Flashing in Siding Installations Valley Stream NY

A constant problem that contractors see in siding installations is improper flashing or, even worse, no flashing at all. Relying on caulk alone to keep water from leaking into homes is not a good practice. Whether you're talking about wood, fiber-cement, or vinyl siding, three areas in particular can prove problematic.

Local Companies

SilverLining Interiors, Inc.
2091 Broadway, third floor
New York, NY
Aqua-Trol Corporation
(631)842-8833
11 Ralph Avenue
Copiague, NY
A E Bye and Janis Hall
(212)873-4615
300 Central Park West
New York, NY
Desetta Nursery
(516)295-1866
144 Franklin Place
Woodmere, NY
Melissa Wilkinson
Maxons Restorations, Inc.

212-447-6767
280 Madison Ave., 4th Floor
New York, NY
Alure Home Improvements
1999 Hempstead Turnpike
East Meadow, NY
Donna Walcavage Landscape Architect
(718)834-0224
212 Hicks Street
Brooklyn, NY
Family Landscaping Inc
(631)584-9290
215 Bergen Court
Copiague, NY
Country Club Florist Inc
(516)671-2504
187 Glen Cove Avenue
Sea Cliff, NY
Bob Bryce
Bryce McCalpin Palazzola Architects and Associates, inc

516-606-7500
5 Bay Avenue
Oyster Bay, NY
Data Provided by:
  

Provided By:

Source: REPLACEMENT CONTRACTOR Magazine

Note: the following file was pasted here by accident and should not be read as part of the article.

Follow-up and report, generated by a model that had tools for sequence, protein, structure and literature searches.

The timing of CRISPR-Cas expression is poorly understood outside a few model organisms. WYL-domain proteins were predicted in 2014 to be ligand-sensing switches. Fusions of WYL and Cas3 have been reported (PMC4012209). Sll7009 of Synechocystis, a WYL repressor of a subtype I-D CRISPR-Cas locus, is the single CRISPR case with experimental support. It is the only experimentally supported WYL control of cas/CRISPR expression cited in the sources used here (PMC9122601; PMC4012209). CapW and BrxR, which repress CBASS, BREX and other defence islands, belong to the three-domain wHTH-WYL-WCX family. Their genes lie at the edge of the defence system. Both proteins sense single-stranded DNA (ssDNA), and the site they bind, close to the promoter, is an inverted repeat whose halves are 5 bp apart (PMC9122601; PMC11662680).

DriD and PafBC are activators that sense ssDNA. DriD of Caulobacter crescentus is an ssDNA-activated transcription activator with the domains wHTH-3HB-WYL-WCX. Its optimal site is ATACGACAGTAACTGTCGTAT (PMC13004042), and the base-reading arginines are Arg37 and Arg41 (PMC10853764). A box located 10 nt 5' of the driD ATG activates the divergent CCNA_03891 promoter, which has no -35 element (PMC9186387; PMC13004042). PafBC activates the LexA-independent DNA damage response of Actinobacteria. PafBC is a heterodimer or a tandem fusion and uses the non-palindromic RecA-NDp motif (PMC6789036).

Publication date: November 1, 2005

By Carl Sperry

A constant problem that contractors see in siding installations is improper flashing or, even worse, no flashing at all. Relying on caulk alone to keep water from leaking into homes is not a good practice. Whether you're talking about wood, fiber-cement, or vinyl siding, three areas in particular can prove problematic:

Above door and window headers.

After installing window and door trim, either make flashing using a sheet metal brake or apply flashing pre-bent to the correct trim size. Nail your flashing to the wall, not to the trim, because if you put holes in the flashing, you've defeated its purpose. Flashing has to be intact to do its job, which is to keep water from contact with the wall. That goes for the weather barrier as well. Run the weather barrier over the flashing so that water doesn't get behind it. You want water to run over, not under, the siding.

Inside corners.

Tough and tricky, because sometimes your weather barrier gets torn trying to fit it into corners at a 90-degree angle. A simple fix for this is bending flashing in an L-shape before installing it in the corner. Then, after flashing is installed, run weather barrier over the flashing to eliminate the worry of tearing the paper and getting a leak.

Roofs and walls.

Another overlooked detail is where roofs intersect walls. Relying on step flashing alone is usually not enough.

Click here to read full article from Replacement Contractor